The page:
Tag Archives: God’s Favor

A Word of Caution: The Charges Were Never Dropped Against Us

If you know me or you’ve followed this blog, you know how I am about catchphrases in church. I do my best to combat them. I know that people wanna be clever and say cute things or things that will get them likes and shares on social media, but I always remind people that when it comes to the Word of God, clever, but out of context is still wrong. God’s Word deserve more respect than that. It should never be watered down or manipulated until it’s on par with a catchphrase.

One of the catchphrases getting traction these days in Christian circles is the statement “Jesus dropped the charges”. The first time I heard the phrase, it was in a viral video where a woman was giving her testimony. In short, she said she went to court one day, believing she had a warrant, but to her surprise, the warrant was nowhere to be found. From there, she exclaimed “Jesus dropped the charges!”, and the church went up.

I found it hilarious. I probably even shared it on my Facebook page, because contrary to what people may think when I tear down a Christian catchphrase, I love a good laugh. However, it’s all fun and games until people start taking that joke as Bible.

And here is my issue with things like “When praises go up, blessings come down”, or “Too blessed to be stressed”, things that aren’t supported by Scripture. People begin quoting them so often that they become the fabric of our churches. Combine that with people that won’t come to Bible class to see that some of these things aren’t anywhere to be found in the Bible, and you have people that will quote catchphrases as if they actually are Bible Verses. This seems like a small thing, but it can be quite problematic to the faith.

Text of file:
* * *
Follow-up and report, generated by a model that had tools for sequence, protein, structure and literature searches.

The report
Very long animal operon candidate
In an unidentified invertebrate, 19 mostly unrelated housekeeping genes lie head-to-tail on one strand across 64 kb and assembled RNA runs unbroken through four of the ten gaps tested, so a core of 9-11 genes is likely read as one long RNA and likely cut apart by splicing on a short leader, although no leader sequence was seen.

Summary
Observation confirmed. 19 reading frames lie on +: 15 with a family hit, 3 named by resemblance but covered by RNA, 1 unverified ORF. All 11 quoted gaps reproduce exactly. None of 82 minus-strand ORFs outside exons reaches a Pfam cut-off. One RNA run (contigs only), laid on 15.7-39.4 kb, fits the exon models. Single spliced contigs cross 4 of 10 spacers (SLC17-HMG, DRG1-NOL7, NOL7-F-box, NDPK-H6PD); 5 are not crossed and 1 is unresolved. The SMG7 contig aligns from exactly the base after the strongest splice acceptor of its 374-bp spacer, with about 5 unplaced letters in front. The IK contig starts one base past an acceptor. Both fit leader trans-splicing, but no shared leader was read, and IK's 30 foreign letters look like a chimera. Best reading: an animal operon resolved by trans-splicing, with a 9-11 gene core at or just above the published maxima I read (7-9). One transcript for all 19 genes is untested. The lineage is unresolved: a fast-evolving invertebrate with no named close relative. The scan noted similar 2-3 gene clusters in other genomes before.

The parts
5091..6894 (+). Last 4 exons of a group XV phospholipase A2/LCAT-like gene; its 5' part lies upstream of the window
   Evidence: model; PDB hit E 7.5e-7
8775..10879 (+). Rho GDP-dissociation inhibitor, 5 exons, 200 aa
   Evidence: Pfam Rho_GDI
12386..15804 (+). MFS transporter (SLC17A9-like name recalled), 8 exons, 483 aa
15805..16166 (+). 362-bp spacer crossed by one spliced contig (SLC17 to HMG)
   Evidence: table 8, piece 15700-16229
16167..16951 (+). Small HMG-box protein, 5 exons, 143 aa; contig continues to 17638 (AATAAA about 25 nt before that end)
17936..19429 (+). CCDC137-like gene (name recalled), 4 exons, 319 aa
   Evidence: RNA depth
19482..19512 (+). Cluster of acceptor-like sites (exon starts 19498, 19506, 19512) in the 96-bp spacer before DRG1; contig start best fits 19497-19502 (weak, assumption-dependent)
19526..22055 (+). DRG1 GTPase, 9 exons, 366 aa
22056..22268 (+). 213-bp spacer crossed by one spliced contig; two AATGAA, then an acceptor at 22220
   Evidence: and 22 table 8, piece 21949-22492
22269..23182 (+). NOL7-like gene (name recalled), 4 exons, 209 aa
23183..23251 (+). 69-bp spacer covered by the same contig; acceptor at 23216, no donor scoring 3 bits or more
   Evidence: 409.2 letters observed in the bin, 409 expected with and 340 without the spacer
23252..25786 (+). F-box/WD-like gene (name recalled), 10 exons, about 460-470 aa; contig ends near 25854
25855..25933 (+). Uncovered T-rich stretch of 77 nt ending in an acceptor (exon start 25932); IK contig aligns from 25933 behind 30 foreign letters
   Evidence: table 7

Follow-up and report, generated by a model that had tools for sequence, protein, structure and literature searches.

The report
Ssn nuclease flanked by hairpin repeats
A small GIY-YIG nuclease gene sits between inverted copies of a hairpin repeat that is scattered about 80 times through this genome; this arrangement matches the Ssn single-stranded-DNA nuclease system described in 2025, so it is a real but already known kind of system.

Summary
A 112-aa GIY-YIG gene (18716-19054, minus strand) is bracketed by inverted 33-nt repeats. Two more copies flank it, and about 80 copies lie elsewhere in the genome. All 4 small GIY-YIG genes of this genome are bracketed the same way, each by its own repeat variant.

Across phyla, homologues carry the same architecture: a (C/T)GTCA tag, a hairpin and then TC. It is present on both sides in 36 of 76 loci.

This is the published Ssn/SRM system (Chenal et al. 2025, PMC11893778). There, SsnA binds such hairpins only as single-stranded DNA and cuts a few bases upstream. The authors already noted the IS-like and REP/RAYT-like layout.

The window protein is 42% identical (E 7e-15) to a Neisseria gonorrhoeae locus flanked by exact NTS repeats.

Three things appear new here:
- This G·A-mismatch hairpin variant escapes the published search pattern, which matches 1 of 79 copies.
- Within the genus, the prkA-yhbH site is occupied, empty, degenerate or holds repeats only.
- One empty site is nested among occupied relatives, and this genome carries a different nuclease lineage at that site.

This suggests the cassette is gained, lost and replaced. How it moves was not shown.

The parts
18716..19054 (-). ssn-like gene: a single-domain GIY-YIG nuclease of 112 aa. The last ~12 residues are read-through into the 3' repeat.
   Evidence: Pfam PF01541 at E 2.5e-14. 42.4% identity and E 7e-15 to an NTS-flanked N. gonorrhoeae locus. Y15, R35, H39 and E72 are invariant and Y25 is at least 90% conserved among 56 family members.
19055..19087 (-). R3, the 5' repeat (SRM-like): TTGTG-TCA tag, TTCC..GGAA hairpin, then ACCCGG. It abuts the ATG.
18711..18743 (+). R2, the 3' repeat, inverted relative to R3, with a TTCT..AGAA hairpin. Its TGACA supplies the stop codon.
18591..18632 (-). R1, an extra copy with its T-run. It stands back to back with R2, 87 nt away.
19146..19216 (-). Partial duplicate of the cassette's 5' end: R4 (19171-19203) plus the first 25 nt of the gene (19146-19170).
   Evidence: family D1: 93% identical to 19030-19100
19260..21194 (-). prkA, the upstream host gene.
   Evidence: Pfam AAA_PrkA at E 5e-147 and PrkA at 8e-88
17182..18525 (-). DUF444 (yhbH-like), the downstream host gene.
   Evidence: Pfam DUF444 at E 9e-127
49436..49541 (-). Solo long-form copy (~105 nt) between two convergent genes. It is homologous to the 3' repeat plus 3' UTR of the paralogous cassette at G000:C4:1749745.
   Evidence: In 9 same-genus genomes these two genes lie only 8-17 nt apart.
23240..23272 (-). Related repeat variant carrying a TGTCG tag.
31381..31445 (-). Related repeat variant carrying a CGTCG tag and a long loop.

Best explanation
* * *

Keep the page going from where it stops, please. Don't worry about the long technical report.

When we start leaning on things like “Jesus dropped the charges”, we fail to examine what that statement is saying. Again, don’t get me wrong. I love a good joke. As long as it stays that way when it comes to what we believe in our Christian faith. When we examine that statement of charges dropped, we must realize what that means. When charges are dropped, people go free and nobody pays a penalty. Nobody, that is, but the victim of the crime.

When charges are dropped, it’s sometimes due to a lack of evidence, and other times, people being falsely accused. In the case of the young woman in the viral video, she could’ve fallen into either of these categories and thus, the charges were dropped. However, in the case of sin, even though grace and mercy was given to us, there is no lack of evidence and we are by no means innocent or falsely accused.